A fifth installment in the series, Death Wish V: The Face of Death (see entry). was released in 1994.

      End credits include “special thanks” ... More Less


       Death Wish 4: The Crackdown was the fourth installment of the popular series about vigilante Paul Kersey, starring Charles Bronson. The series kicked off in 1974 with the release of Death Wish (see entry), which was loosely based on the novel of the same name by Brian Garfield. That film was followed by Death Wish II (1982) and Death Wish 3 (1985, see entries).
       Principal photography for Death Wish 4 was originally scheduled to begin on 5 Jan 1987, according to the 31 Dec 1986 DV production chart. However, the start was delayed to an unspecified date in Mar 1987, according to the 20 Feb 1987 DV production chart. Filming did not begin in March, either. The 18 Mar 1987 HR explained the delay was due to a stipulation in a line of credit agreement which prohibited the Cannon Group, Inc. from having more than two movies in principal photography at the same time. Warner Communications Inc. had guaranteed a $25 million line of credit for the financially troubled Cannon Group in Dec 1986.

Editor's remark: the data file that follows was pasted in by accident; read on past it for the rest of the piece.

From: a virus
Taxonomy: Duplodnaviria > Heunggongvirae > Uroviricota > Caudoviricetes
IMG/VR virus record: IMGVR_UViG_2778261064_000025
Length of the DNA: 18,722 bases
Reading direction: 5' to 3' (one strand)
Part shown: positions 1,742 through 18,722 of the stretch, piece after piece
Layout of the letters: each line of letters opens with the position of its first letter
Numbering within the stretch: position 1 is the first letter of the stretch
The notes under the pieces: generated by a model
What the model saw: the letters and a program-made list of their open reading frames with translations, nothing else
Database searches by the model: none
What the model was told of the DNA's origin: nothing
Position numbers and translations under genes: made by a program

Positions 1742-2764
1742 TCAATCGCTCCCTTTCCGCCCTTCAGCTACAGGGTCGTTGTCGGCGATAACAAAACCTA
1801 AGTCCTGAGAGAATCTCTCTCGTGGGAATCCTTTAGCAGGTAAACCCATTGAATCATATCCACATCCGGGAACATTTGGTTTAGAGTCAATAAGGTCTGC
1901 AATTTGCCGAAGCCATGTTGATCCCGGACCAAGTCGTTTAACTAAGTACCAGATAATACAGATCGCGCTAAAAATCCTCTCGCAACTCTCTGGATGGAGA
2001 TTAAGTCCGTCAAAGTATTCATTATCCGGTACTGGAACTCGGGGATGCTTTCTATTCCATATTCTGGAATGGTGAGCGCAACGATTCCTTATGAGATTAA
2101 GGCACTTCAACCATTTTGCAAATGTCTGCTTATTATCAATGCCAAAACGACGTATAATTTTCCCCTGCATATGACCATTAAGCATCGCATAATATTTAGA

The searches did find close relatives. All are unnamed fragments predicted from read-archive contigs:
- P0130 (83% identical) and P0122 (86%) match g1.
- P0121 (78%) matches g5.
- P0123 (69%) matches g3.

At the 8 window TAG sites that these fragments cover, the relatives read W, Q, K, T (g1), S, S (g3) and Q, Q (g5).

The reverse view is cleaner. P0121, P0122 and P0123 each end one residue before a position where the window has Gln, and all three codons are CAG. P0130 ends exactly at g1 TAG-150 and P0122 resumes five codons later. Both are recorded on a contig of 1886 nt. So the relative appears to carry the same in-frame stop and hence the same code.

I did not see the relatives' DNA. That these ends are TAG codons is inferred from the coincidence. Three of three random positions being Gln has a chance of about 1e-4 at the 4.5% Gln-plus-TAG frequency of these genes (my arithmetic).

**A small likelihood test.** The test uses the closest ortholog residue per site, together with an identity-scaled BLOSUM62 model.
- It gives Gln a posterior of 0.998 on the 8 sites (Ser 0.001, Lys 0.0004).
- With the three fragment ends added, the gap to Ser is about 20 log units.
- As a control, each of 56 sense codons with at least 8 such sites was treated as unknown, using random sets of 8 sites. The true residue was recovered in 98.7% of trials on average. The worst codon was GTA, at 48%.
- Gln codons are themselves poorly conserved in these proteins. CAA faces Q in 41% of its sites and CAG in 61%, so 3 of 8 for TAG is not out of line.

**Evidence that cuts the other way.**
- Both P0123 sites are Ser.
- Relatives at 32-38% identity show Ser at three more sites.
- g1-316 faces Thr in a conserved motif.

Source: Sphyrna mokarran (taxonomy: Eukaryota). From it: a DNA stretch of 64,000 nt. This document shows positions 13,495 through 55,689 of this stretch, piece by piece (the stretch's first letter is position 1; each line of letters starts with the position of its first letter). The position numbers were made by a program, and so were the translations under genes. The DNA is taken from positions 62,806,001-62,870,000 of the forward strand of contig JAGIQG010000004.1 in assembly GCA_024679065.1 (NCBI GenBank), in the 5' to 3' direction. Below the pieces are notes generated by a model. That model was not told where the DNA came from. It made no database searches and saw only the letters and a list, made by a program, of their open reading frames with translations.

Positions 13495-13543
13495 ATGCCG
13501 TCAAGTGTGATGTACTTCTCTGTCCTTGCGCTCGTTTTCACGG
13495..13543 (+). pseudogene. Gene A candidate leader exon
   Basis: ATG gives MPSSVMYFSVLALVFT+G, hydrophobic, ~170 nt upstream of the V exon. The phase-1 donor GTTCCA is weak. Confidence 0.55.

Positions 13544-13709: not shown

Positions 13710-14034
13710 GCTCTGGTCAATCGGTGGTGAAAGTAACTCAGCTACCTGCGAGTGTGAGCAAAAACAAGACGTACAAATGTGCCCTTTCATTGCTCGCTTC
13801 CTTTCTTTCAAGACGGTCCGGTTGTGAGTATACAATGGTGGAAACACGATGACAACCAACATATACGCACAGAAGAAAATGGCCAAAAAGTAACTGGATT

Principal photography got underway in Los Angeles, CA, on 13 Apr 1987, according to the 15 May 1987 DV production chart.
       Death Wish 4: The Crackdown opened on 1,030 screens on 6 Nov 1987, earning $2.5 million in its first three days of release according to 10 Nov 1987 DV box-office charts.
       A fifth installment in the series, Death Wish V: The Face of Death (see entry). was released in 1994.